At the end of the 2020 season I took a look at how the various rule changes the league implemented for the year impacted the Rockies. While almost none of the new rules helped the Rockies, the fact that they only played one double-header all year meant it was mostly irrelevant (although they did lose both games to the Diamondbacks giving up 15 runs across two 7-inning games.)
This year we’ve got a larger sample size, but the Rockies are going to be happy that Rob Manfred is getting rid of the 7-inning double header after this season. Following yesterday’s split with the Chicago Cubs, the Rockies own a 4-8 record in the shortened affairs. The .333 winning percentage on days they play 14 innings is well behind their .452 clip on the year.
In those games the Rockies have given up 62 runs while only scoring 40. They hit rock bottom at the end of May when they played in back-to-back doubleheaders. First, they dropped a pair to the New York Mets scoring just two runs total. Two days later, they posted a pair of zeroes against the lowly Pittsburgh Pirates who beat them 7-0 in the afternoon matchup and 4-0 later on that evening. It won’t come as a surprise to you that all four of those games came on the road during a seven game trip to the east coast.
The Rockies have had three doubleheaders at Coors Field this season and came away with a slightly better 3-3 record. On all three occasions, the Rockies won a game and lost another. The two-gamer against the San Francisco Giants on May 4 did a number on their run-differential as they got torched for a 12-4 loss in game one. Game two gave the Rockies the opportunity to redeem themselves with a nice 8-6 victory.
The 71-91 Rockies of 2019 played their way to a relatively similar winning percentage as this year’s edition so I decided to take a look at how the team did then when doubleheaders meant eighteen innings of baseball in a single day–at a minimum. While we’re victims of a small sample size once again, the results from 2019 were uglier than anything I touched on above.
The 2019 Rockies went 0-4 in their two days of doubleheader baseball that year dropping two games to the Washington Nationals by a combined score of 5-2 and another pair to the Giants. A day you might remember as a result of just how bad it was. San Francisco clobbered the Rockies for a 19-2 victory in game one making the 2-1 loss in the evening seem like a moral victory of sorts. Not a great sign that the Rockies only scored five runs in 36 innings of baseball. The Giants wouldn’t have needed to score 19 to win handily that day.
It’s possible that the Rockies are destined to struggle in doubleheaders whether they’re 7-innings or 9-innings, but it’s a lot more likely that all of this is just a matter of chance. At least I’ll assume that until I get my hands on a bit more data and the Rockies grab a few more wins to even this out.
★ ★ ★
The Rockies are all but certain to miss out on the playoffs this year–barring a September miracle–but the playoffs always make their way onto my television no matter who’s taking the field. After MLB’s announcement yesterday with the full postseason schedule, we’re now able to mark our calendars to make sure we don’t miss a minute.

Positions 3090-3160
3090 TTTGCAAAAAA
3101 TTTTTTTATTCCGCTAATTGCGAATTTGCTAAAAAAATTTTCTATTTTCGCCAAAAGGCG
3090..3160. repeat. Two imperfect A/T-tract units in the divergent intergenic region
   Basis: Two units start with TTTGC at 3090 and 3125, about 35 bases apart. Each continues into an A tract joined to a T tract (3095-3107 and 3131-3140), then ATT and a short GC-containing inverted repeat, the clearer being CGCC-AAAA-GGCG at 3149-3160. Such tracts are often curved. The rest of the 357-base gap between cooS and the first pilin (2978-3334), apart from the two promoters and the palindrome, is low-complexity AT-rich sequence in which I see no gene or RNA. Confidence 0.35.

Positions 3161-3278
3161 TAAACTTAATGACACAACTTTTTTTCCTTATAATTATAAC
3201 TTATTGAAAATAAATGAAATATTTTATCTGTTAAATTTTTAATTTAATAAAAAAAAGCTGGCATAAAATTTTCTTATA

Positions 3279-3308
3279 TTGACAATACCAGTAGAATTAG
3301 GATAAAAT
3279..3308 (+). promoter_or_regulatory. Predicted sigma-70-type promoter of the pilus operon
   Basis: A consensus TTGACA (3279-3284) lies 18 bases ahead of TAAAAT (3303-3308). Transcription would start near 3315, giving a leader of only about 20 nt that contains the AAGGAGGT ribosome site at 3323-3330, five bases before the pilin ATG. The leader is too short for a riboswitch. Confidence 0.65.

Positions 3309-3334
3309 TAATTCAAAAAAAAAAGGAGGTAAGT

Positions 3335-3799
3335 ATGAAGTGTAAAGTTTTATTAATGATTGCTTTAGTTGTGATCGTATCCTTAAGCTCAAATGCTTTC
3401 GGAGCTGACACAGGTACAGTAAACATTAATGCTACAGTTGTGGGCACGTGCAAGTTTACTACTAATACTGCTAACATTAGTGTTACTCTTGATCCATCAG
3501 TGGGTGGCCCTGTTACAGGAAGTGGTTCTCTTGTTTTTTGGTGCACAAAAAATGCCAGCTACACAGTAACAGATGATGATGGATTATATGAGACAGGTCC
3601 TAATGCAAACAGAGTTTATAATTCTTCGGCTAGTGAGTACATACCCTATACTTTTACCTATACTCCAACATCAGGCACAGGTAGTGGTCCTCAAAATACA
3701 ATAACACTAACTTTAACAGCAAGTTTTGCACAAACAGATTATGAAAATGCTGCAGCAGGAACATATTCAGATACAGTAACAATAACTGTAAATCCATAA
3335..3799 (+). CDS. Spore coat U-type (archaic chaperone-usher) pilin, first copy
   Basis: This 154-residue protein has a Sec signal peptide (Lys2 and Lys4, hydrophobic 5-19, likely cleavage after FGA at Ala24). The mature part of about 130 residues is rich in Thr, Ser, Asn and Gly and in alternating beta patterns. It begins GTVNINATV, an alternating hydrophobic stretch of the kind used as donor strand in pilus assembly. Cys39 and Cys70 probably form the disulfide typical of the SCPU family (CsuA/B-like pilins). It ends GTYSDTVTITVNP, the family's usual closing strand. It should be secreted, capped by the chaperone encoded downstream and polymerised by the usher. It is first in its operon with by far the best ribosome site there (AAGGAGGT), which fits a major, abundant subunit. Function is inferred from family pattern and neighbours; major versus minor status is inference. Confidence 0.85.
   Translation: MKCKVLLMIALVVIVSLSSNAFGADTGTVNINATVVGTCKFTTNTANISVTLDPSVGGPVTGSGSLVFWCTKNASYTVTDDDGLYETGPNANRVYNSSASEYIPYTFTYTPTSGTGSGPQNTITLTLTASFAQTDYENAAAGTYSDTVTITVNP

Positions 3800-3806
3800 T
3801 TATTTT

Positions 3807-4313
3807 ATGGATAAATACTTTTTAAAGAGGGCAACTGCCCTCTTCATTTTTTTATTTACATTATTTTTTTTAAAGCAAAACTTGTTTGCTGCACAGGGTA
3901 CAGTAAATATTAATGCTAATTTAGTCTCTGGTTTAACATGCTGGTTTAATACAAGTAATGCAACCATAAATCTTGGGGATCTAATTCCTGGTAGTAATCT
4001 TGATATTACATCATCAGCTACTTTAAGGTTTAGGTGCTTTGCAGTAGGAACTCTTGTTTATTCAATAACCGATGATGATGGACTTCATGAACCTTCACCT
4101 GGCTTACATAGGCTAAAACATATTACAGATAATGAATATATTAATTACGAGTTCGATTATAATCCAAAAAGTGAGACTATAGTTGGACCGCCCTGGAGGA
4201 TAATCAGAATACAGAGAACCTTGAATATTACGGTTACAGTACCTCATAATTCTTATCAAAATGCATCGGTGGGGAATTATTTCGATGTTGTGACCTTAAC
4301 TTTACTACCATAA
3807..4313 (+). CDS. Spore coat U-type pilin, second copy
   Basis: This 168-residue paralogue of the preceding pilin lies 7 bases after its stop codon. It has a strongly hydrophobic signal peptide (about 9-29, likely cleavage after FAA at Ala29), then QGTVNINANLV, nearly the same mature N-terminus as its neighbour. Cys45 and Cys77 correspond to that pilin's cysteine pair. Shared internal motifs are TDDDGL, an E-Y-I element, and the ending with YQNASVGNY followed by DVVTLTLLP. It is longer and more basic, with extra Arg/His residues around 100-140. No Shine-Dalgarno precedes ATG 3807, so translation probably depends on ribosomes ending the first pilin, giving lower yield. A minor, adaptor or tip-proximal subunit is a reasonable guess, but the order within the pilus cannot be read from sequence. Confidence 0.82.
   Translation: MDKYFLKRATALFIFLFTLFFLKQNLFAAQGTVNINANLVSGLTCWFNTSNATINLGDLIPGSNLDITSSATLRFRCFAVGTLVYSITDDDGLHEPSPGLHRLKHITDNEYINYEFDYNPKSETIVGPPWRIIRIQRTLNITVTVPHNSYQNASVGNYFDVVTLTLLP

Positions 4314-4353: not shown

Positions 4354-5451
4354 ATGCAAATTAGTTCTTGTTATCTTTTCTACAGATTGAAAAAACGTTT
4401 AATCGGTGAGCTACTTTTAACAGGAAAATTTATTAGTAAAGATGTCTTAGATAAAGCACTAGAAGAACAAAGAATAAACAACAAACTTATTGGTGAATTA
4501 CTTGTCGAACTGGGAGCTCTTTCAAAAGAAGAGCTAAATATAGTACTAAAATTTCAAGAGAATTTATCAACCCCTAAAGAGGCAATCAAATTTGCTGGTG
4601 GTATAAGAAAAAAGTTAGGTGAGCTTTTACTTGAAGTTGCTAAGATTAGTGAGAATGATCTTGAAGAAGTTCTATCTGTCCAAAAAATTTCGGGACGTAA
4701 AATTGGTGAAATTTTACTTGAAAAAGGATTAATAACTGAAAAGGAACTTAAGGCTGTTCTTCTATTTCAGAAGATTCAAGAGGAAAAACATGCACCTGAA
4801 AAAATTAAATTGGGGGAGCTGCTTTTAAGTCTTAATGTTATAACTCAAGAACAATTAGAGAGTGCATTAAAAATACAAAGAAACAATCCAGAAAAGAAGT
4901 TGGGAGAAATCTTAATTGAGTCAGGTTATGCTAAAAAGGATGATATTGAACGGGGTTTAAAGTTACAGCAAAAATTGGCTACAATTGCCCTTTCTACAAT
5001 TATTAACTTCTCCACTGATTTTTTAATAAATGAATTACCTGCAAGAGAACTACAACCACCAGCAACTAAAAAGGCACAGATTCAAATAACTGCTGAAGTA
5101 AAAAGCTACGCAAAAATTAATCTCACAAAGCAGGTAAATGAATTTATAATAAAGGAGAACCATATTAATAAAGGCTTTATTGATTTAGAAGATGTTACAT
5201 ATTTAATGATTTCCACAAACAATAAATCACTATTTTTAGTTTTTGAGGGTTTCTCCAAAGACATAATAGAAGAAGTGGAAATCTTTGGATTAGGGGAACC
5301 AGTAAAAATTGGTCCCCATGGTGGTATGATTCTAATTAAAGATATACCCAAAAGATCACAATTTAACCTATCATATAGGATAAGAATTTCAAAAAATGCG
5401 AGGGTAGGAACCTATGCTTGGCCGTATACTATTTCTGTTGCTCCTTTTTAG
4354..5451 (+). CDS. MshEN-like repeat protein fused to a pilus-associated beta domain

Here are some key dates:
AL wild card game: October 5
NL wild card game: October 6
World Series game 1: October 26
To be a supporter of the Rockies, one is required to develop a masochistic tendency for their baseball fandom. That streak of mine led me to this article, knowing that the only thing I could find on the other end of the link was something that would make me sad about the franchise.
Boy did it do that...and then some.
I’ll leave you with this quote from the article and then let you find out where they landed in this “top” 5:
“The Rockies are the only team on this list that can’t really be considered a rebuilding team because that would mean the club was making moves with an eye toward improvement.”
On the farm
Things got a little hairy for the boys from Hartford last night as a ninth inning rally by the Senators brought them within a run before reliever Nate Grip came in to get the final out. The Yard Goats were flying with three runs in the first two innings before thing settled down the rest of the way while Hartford’s starter Matt Dennis dominated for seven innings of one hit, no run baseball. With the win, the Yard Goats improved to 32-64 on the season.
One tough inning was all it took to sink the Spokane Indians on Thursday night–after falling behind 1-0 in the second, the third inning was where things really went downhill for Spokane. Starter Mitchell Kilkenny only managed one out in the frame while giving up six runs to end his night early. The bullpen held things down surrendering just one run across 5.2 innings the rest of the way, but the offense couldn’t get enough going to piece together a comeback.
Despite falling behind 2-0 in the first, the Fresno Grizzlies quickly bounced back with two first inning runs of their own before a four-run third inning by the Modesto Nuts tilted this one in their favor permanently. Grizzlies starter Anderson Amarista struggled through 2.2 innings giving up seven hits, four walks, and six runs before getting the hook. The bullpen was a bright spot in the following innings tossing 6.1 frames of shutout ball. Unfortunately, the bats went relatively quietly squeaking across just one run the rest of the way.
★ ★ ★
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